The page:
Dances of India - 2018


Martial Arts of India and the World

By Dr. Maha Gingrich

As I started to prepare for the annual Dances of India performance, as always I started connecting the rich Indian culture and its influence on other cultures including martial arts. If you want to see these martial arts in action, come to Dances of India on April 21, 2018 in Charlotte, NC.

I have to start this article with the dynamic Kalaripayattu from southern state of Kerala. One of the oldest fighting systems in existence, it is now practiced in Kerala and contiguous parts of Tamil Nadu and among the Malayali community of Malaysia. Originally, it was practiced in northern and central parts of Kerala and the Tulunadu region of Karnataka.

It is breathtaking to see these warriors/dancers move swiftly and gracefully while performing critical stunts. In several prosperous villages, display of traditional gymnastics, acrobatics and the dance by various village groups are arranged on competitive basis. Each group participates with great enthusiasm to win.

You can see the rhythmic movements of dance and discipline of Yoga clearly demonstrated by the performers.

This is how the martial arts and dances are connected. South Indian classical dances and their Karanas or poses inspired Yoga poses. All ancient practitioners of martial arts always practiced Yoga. Indian culture predates the Egyptian culture by 1700 years and Chinese culture by 1500 years. Yoga Sutras taught how to meditate on chakras or main points inside one's body, which was later used in martial arts. Hasthas or finger movements and balancing of poses in dance and Yoga were later incorporated in various martial arts like Chinese Kung Fu, Japanese Karate, and Korean Tae Kwon Do. Yes! You read it right. Kung Fu, Karate and Tae Kwon Do were influenced by Indian martial arts and Yoga.

Like many other martial arts, historians theorize that Filipino Martial Arts Escrima (Spanish, Esgrima or fencing) also have roots in India! People who traveled brought this to the Philippines from Indonesia and Malaysia in the 12th and 13th centuries. One thing for sure: when the Spanish came to the Philippines in 1521, there was already developed weapon-based martial arts, with which the early Filipinos defended their land.

In Orissa, two kinds of martial dances are prevalent, Paika Nacha and Paikali. In the Khurdha region of Puri district, they perform Paika Nacha. My sister lived in Puri with her family and loved the location filled with beauty and many dance forms. In Oriya, Paika means soldier. Soldiers used this dance to warmup, as well as to entertain. Paika Nacha dance style is not very popular, because it has not been refined to fit into the modernization of current dance forms. However, these are very difficult dances to perform, requiring them to showcase various kinds of physical feats rhythmically to the beats of the drums. Some of the dance movements have acrobatic elements. This challenges the dancers with the ability to be flexible and strong at the same time.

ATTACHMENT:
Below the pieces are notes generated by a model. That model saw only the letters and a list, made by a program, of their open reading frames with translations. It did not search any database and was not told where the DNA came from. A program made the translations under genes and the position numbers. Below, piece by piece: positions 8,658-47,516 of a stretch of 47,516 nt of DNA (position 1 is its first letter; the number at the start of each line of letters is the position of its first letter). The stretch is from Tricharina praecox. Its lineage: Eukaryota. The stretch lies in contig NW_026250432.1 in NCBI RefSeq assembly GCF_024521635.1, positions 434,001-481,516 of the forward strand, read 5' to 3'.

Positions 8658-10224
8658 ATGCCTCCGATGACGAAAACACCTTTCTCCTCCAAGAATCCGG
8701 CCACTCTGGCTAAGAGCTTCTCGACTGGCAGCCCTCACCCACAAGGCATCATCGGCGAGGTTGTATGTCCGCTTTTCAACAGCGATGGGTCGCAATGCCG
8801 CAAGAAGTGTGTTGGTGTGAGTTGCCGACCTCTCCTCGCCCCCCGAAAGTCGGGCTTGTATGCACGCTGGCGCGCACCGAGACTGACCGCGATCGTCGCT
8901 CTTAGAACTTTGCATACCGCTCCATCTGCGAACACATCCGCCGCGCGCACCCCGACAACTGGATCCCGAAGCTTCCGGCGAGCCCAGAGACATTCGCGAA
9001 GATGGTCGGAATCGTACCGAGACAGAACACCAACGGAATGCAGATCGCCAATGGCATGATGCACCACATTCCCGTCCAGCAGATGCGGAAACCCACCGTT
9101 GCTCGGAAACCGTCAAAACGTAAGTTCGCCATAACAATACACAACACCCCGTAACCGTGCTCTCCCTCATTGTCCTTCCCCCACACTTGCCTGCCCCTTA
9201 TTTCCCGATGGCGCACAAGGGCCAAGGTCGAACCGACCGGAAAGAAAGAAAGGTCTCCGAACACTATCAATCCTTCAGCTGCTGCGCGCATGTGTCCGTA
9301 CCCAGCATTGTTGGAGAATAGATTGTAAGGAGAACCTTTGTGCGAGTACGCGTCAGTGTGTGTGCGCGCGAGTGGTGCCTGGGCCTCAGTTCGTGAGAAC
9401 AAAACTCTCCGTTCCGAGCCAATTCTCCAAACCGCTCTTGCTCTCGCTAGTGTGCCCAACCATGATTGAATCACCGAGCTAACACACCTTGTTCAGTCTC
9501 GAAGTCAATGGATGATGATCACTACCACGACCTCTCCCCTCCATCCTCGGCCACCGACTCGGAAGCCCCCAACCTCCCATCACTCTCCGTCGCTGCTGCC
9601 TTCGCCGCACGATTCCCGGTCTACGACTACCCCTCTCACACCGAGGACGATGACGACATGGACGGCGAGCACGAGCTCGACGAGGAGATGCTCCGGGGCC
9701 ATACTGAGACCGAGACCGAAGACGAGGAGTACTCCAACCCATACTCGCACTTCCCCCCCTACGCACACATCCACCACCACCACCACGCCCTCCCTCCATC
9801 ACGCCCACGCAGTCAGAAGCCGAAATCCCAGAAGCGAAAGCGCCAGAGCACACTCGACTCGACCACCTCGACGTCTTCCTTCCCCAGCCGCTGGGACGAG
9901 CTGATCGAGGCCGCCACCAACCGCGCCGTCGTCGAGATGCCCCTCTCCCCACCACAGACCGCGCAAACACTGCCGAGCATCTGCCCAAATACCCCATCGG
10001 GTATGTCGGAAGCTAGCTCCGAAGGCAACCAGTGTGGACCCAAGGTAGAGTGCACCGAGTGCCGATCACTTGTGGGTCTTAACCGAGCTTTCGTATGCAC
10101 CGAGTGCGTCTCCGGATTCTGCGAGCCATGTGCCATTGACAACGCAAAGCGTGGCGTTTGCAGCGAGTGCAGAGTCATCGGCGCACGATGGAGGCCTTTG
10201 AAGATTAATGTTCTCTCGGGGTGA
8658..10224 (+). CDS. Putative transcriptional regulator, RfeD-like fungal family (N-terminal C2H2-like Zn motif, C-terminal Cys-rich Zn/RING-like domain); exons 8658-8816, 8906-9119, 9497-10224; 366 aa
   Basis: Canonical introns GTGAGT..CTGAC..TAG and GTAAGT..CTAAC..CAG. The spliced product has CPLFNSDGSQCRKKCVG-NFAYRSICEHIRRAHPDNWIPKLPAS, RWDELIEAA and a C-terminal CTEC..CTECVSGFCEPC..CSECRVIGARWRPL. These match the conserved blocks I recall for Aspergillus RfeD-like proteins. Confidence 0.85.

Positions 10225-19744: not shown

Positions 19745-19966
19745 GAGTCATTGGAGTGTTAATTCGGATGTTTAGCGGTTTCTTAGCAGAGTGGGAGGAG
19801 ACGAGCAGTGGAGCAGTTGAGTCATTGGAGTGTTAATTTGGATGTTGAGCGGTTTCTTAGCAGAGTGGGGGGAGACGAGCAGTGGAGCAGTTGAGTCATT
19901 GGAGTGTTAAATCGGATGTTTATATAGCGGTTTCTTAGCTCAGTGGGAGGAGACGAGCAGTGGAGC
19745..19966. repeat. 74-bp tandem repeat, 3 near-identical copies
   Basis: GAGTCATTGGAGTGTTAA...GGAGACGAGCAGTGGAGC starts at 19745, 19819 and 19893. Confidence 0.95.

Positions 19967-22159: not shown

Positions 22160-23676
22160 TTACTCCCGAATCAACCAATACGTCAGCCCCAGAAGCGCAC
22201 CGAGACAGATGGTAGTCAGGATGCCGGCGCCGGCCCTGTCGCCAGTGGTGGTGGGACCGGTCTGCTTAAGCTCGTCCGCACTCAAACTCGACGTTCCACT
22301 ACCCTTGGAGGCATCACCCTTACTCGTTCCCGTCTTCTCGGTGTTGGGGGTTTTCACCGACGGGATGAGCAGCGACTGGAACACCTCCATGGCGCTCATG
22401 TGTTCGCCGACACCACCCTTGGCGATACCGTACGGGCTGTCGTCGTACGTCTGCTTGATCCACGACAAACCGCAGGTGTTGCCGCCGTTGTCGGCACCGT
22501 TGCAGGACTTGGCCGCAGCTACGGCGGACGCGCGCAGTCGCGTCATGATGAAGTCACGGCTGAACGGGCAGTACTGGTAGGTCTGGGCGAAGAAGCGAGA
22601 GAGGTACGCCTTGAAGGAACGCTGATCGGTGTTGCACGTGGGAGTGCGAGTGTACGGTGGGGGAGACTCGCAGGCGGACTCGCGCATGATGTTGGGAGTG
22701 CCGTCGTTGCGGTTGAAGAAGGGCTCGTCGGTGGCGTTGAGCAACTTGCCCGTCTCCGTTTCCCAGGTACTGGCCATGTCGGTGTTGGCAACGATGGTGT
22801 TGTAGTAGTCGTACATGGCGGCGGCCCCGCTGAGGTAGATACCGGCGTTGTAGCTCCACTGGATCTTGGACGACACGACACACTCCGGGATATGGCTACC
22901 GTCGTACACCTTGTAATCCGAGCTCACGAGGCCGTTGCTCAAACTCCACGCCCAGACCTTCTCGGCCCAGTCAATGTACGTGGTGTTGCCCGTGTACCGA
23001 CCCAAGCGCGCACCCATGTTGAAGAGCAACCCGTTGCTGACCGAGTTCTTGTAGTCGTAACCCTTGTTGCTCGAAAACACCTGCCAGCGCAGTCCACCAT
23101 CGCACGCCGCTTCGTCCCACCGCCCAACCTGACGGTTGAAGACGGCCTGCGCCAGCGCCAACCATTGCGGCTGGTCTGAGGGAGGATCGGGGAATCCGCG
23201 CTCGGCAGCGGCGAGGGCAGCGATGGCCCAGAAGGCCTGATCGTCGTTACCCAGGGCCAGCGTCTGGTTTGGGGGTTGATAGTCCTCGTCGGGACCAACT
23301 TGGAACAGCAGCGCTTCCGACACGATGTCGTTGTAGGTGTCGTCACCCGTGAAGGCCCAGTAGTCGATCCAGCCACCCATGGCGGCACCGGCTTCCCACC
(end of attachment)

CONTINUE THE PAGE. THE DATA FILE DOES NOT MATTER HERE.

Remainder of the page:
This dance and martial art is very similar to a Brazilian martial art form. You just have to come to Dances of India to watch this!

On the other hand, the Paikali dance in northern Orissa, especially in the districts of Mayrubhanj and Keonjhar, is a stylized form of dance. It is marked for its leg extensions and stylized jumps very much similar to those of the widely known Chhau dances and Bhangra dances. Each of the Paikali dancers holds a sword in the right and a shield in the left hand, like a warrior. While dancing they also sing in recitative style. They smear their bodies with a whitish kind of powder called Kaimati.

A major segment of the dance is a mock attack-and-defense called Ruk-maar-nacha which is the foundation of the Chhau dances as well. The orchestral music that accompanies Paikali is as rich as appealing. The orchestra consists of three kinds of drum, such as Dhol, a barrel shaped drum that dominates the music, Dhumsa, a huge kettledrum made of wood and Chadchadi, somewhat like snare drum. The melodic music is provided by Mahuri, a wind instrument like Shehnai but with a sharper timber. The stamina to perform and sing at the same time is rare in today's world of recorded music.

All these dances require great athletic ability and amazing flexibility along with the dedication to keep these dance styles alive in this age of Bollywood. Only men perform these Indian martial arts. I am so excited to see women now training for some of these art forms. It takes years of practice - not a weekend of learning. It also requires inner and outer balance of the performer. It is spiritual in nature while respecting the opponents and building one's self esteem. You will learn life lessons through such traditional and intense dance styles.

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For questions or comments contact Maha via e-mail at: Gingrichmaha@gmail.com